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22nd May 2023

Jill Furmanovsky is ‘Photographing the Invisible’ in her history making exhibition

The Mancunion takes a trip through rock history at Jill Furmanovsky’s ’50 years of Rock Photography’ exhibition at Manchester Central Library
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Jill Furmanovsky is ‘Photographing the Invisible’ in her history making exhibition
Artwork: Jill Furmanovsky @ Manchester Central Library

One glance at Jill Furmanovsky’s “Photographing the Invisible”: 50 years of rock photography will tell you that Furmanovsky and her camera have seen a lot. She’s photographed icons such as Björk and Noel Gallagher and photographed venues, such as London’s The Rainbow Theatre, in their heydays. Where there was rock music, Furmanovsky was there and, recounting these experiences in her exhibition 50 years of rock photography. Furmanovsky is your guide into the hallowed history of rock music.

The exhibition is laid out chronologically, taking you on a journey through Jill’s life and through the history of rock, right from her discovery of Pink Floyd at 17 to the replacement of analogue cameras by digital cameras.

Pink Floyd is where the exhibition starts though, as this is where Furmanovsky began her career. Her photos of Pink Floyd are nearly all live shots, intimate moments and excited ones, of the band on stage and in the studio. Alongside these photos, Furmanovsky has included personal messages to guide visitors, with her accompanying message with the pictures of the band detailing that following them is where her ‘illusion’ in terms of meeting her idols was ‘shattered’. However, it is this honesty in her portrayal of the band, and her photos taken in her ‘Rainbow Days’, that make her work so captivating; Furmanovsky is not afraid to be right up close with the subject of her photo. Her live photos feel intimate, even when capturing a star such as Jimmy Page on stage.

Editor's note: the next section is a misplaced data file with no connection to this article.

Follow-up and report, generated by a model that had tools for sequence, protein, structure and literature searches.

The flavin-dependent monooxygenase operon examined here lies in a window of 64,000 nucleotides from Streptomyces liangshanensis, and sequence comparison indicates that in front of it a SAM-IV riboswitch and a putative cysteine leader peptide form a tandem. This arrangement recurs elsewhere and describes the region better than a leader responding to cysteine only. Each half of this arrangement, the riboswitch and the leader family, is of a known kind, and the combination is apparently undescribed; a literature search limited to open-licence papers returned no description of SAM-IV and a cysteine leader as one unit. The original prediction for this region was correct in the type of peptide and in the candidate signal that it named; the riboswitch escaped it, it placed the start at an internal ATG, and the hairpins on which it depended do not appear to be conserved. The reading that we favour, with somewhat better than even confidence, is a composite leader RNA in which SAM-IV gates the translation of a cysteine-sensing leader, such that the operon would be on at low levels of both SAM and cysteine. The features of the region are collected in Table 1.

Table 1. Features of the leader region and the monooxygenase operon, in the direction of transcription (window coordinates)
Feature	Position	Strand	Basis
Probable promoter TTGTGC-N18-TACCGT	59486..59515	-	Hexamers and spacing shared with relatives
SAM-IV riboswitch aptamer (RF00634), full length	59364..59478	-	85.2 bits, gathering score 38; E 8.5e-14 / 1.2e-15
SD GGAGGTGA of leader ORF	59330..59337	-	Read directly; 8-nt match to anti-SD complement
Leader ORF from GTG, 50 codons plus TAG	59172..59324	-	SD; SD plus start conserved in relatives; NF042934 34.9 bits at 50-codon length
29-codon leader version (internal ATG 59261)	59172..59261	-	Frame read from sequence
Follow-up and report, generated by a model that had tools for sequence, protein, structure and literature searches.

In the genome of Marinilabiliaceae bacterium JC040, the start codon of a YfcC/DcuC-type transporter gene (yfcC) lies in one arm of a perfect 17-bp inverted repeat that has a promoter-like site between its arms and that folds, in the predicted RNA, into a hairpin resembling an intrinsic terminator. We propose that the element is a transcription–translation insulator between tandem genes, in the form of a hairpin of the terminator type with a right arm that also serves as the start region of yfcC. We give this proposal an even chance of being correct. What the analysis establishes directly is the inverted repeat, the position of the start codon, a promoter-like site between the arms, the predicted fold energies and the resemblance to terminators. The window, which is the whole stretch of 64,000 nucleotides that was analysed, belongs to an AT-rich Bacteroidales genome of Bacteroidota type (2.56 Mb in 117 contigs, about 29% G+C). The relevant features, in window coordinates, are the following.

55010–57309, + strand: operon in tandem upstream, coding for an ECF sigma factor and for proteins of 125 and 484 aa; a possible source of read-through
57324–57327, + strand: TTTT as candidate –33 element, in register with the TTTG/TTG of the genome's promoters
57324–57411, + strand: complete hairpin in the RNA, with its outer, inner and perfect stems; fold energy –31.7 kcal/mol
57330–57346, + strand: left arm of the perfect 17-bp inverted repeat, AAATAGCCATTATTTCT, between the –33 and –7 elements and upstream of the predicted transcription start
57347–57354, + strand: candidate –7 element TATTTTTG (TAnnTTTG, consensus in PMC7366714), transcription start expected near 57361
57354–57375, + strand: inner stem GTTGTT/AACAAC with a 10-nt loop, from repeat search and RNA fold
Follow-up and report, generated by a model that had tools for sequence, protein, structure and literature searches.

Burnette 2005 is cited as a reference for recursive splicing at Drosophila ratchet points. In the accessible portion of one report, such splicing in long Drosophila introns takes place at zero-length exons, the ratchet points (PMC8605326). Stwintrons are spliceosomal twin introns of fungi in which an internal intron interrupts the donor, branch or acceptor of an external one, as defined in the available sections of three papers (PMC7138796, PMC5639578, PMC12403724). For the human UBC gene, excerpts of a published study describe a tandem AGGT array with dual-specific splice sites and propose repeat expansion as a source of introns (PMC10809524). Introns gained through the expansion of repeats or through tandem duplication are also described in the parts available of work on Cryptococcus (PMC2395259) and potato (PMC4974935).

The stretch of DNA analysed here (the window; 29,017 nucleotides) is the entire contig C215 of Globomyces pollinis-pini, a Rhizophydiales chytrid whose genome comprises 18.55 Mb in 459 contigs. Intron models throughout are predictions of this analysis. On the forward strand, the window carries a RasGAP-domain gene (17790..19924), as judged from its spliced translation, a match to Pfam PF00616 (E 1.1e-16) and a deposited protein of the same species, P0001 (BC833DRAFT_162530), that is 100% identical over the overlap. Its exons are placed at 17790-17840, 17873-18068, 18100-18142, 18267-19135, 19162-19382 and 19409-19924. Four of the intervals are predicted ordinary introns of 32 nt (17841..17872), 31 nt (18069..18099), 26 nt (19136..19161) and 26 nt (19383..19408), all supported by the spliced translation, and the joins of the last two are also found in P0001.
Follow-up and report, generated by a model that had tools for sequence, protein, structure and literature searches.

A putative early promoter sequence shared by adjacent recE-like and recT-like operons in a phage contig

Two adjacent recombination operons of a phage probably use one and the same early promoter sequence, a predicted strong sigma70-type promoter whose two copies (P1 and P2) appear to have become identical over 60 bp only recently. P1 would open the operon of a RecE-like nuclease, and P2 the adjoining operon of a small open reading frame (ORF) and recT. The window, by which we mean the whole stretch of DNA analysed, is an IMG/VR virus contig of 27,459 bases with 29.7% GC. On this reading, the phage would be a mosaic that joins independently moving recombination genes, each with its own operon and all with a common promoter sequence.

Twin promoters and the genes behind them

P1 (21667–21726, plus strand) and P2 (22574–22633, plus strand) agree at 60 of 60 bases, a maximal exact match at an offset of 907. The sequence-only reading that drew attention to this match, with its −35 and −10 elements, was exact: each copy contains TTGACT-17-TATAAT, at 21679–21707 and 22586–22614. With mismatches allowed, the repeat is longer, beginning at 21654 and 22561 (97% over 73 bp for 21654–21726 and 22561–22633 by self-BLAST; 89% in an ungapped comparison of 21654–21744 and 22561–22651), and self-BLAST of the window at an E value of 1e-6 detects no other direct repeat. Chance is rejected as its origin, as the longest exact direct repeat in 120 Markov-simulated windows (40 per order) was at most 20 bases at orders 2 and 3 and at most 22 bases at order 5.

Photo: Jill Furmanovsky @ “Photographing the Invisible”: 50 years of rock photography Depicting Jimmy Page, 1975

Furmanovsky’s work changed, as all art must, with the passage of time. In 1981, she opened a studio and embraced a ‘flamboyant studio personality’ blending her unique photographic style with fashion photography, for magazines such as The Face. She began to cover more contemporary musicians, such as Siouxsie Sioux, with her photo of Sioux in ‘Goddess’, one of the most striking in the collection. The photo alludes to an ancient Greek or Roman mythical figure, transforming the Queen of Goth into Aphrodite or Venus.

Photo: Jill Furmanovsky @ “Photographing the Invisible”: 50 years of rock photography. Depicting Grace Jones 1980

There’s a section of the exhibition dedicated to Oasis, featuring some never-before-seen photos. The exhibition, itself, is guest curated by Noel Gallagher. Furmanovsky details her experience with the band in a passage alongside the photos, stating that the photos are “some of the best work of my career” and that the band were “hilarious”. There is a sense of joy in the photos, with some of them being more humorous that others in the collection. A close-up of Liam Gallagher at the start of the Oasis section is particularly striking.

The collection progresses into the replacement of analogue with digital photos, as Furmanovsky details the difficultly in this transition for rock and roll, given the impracticality of the cameras. Furmanovsky takes the visitor through the digital era, depicting Liam Gallagher, Oasis and The Rolling Stones. The Glastonbury section of the exhibition follows the shift to digital photos, as more contemporary artists such as Florence Welch are featured.

Photo: Jill Furmanovsky @ “Photographing the Invisible”: 50 years of rock photography. Depicting Noel Gallagher in 1996

Jill Furmanovsky’s “Photographing The Invisible” is a trip through time, through her own career and through rock itself. As her photography changes, so does rock. It’s an exhibition following the work of someone who lives and breathes rock music and photography. At the exhibition’s end, there is a punk phrase that reads ‘If you can play three chords you can form a band’. It’s a message of hope, that suggests while rock may change, like Furmanovsky’s work does, creativity is eternal.

Photo: Jill Furmanovsky @ “Photographing the Invisible”: 50 years of rock photography. Depicting Charlie Watts 1991

Jill Furmanovsky’s Photographing the Invisible at Manchester Central Library is free to visit so don’t wait.

Owen Scott

Owen Scott

Head Arts Editor at the Mancunion and culture journalist

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